Farm Accounting – Everything you need to know

Farm Accounting – Everything you need to know

Running a farm brings many challenges, from government regulations and succession planning to changes in the weather, there are many factors outside of a farmer’s control which can have a dramatic effect on business.

Accounting for a farming business can be complicated, therefore, to effectively manage both the finances and operations we suggest you implement a plan. Bethany Thomas, an Accountant at Whittingham Riddell Chartered Accountants, has highlighted some key considerations:-

1.     Choosing a suitable year end 

The timing of farming operations, such a calving, lambing or harvesting crops often doesn't fall in line with the government’s key dates.

The optimum year end dates will allow your harvest to straddle two accounting years, this is preferable from a tax perspective, rather than changing your year end to match your crops. For this reason, it is vital to keep track of costs which may happen within the current accounting year but are a part of growing crops for the future harvest. 

2.    Valuing your stock at year end allows you to maximise on tax initiatives

We suggest valuing any stock and incorporating this into your accounts as an asset at your year end; animals will have a value per head, which can often be deducted from market values, from the cost of purchase or any rearing costs. Unconsumed produce can additionally be valued at cost, crops at market value and growing crops in the ground can be valued based on the seeds, sprays and fertilisers. This includes any labour that has gone into the production.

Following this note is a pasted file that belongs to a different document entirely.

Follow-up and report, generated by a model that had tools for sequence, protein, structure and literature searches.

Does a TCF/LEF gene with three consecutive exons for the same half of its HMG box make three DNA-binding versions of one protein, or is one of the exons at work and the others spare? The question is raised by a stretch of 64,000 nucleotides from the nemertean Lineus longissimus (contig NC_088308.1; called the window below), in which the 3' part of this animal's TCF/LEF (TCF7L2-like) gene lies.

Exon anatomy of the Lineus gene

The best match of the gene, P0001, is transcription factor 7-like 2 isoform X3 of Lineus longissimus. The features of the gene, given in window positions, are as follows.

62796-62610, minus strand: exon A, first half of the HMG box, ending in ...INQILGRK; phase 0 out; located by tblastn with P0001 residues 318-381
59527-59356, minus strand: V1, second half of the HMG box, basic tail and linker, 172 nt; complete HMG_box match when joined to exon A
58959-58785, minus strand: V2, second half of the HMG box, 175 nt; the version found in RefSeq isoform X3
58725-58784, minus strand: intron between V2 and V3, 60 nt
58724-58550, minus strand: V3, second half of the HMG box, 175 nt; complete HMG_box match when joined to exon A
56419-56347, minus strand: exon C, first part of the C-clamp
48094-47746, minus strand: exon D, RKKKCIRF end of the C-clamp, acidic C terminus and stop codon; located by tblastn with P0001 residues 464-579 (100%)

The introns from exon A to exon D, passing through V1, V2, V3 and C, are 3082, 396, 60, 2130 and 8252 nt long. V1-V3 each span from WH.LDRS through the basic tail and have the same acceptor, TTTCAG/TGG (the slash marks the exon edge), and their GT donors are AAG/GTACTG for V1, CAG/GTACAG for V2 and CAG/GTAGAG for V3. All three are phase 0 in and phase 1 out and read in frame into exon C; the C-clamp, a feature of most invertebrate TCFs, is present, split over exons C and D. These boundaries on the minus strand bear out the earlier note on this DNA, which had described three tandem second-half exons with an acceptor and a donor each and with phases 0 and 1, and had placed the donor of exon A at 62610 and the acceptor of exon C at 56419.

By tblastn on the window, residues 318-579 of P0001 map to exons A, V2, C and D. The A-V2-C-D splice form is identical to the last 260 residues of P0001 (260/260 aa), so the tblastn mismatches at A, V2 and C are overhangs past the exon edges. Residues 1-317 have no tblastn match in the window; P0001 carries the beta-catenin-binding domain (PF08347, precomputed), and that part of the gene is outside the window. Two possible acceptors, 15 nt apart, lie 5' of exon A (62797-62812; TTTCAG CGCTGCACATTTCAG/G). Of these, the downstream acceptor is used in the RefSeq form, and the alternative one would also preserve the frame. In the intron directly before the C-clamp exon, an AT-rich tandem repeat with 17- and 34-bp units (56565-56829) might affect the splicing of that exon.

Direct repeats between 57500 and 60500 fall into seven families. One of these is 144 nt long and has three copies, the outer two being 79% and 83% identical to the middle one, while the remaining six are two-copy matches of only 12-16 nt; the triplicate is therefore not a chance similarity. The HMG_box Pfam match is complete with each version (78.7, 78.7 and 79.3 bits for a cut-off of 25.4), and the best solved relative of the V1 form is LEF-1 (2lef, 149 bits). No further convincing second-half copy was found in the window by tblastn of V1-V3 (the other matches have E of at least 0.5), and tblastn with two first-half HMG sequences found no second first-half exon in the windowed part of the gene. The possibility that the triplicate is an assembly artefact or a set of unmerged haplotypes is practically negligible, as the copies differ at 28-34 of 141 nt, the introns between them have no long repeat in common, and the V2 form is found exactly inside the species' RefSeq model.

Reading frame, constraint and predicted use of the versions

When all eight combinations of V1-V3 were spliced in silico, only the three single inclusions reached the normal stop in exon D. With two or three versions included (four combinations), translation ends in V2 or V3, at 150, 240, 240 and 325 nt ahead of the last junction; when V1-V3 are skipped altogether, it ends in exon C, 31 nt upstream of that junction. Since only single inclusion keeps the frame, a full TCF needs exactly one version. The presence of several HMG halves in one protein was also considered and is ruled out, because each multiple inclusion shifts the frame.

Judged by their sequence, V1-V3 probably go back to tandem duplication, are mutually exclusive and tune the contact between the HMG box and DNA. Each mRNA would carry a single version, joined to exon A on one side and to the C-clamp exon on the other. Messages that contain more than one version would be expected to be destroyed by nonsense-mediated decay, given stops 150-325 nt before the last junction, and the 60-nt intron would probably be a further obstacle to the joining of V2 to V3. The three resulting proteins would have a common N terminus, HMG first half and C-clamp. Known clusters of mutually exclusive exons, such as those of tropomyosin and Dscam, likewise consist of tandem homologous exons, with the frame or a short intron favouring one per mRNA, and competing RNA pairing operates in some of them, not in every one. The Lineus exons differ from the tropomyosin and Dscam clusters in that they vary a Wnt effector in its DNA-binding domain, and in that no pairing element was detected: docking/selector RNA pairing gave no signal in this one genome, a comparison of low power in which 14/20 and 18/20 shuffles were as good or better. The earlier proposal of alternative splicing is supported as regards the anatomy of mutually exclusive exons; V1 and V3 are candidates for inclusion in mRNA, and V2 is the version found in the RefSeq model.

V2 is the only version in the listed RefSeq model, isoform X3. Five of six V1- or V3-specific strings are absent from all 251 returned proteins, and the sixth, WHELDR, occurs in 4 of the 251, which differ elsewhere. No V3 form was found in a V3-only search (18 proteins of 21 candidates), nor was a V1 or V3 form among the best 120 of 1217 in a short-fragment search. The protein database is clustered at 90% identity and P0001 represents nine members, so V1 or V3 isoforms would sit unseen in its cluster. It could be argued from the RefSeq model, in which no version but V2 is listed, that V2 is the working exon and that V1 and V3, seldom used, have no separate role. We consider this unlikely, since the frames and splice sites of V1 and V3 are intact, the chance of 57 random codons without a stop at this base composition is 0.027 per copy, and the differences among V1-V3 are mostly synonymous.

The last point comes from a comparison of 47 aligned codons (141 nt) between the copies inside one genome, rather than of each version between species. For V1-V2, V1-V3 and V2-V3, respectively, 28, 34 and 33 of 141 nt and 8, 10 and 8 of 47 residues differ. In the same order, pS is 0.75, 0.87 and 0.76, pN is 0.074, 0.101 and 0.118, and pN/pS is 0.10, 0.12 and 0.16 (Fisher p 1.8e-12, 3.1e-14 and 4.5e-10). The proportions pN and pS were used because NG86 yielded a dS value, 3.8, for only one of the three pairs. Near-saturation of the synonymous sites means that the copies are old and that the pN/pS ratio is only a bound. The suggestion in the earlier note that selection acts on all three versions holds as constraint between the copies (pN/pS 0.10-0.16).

3.   Plan purchases to maximise tax planning opportunities

Tax relief is available for farming businesses on the purchase of new equipment in the form of capital allowances. For qualifying purchases, an annual investment allowance of £200,000 is available for instant tax relief each year, and we suggest planning purchases to maximise tax opportunities.

Please consult with your accountant or tax advisor on the allowances available before making purchases.

4.    Forecast and budget for the future

Investing in accounting software with functions to prepare forecasts and budgets will allow you to plan for the future, monitor cash flow, view variances and trends over weeks, months or years and make predictions based on these trends.

5.    Account for loss

Due to the variable factors in the farming industry outside of a farmer’s control, it is inevitable that some years will be harder than others and profitability may not always be sustainable. When losses are incurred, be sure to record them and get advice on and possible tax benefits available to help.

6.    Move your accounts to the Cloud and gain further flexibility and insight

With the introduction of the government’s 'Making Tax Digital' plans, quarterly reporting and the digitalisation of accounting records will become mandatory for many VAT registered businesses above the £85,000 threshold. We suspect digitalisation will continue to trend so to prepare for future development we are advising clients to move onto a cloud-based accounting software.

Alongside ensuring compliance with HMRC's digitalisation plans, cloud accounting has many advantages; from improved processing, memory functions and instant reporting.

7.    Plan for the future

Nobody wants to have to think about a future without a family member or after them, but a strong succession plan for the future is an important task. We advise seeking advice from a professional with regards to inheritance tax planning and making small structural changes now to ensure that your tax bill is minimised and your assets are protected.

For further information or guidance on any of the points raised in this article, please contact Bethany on 01743 273273 or email

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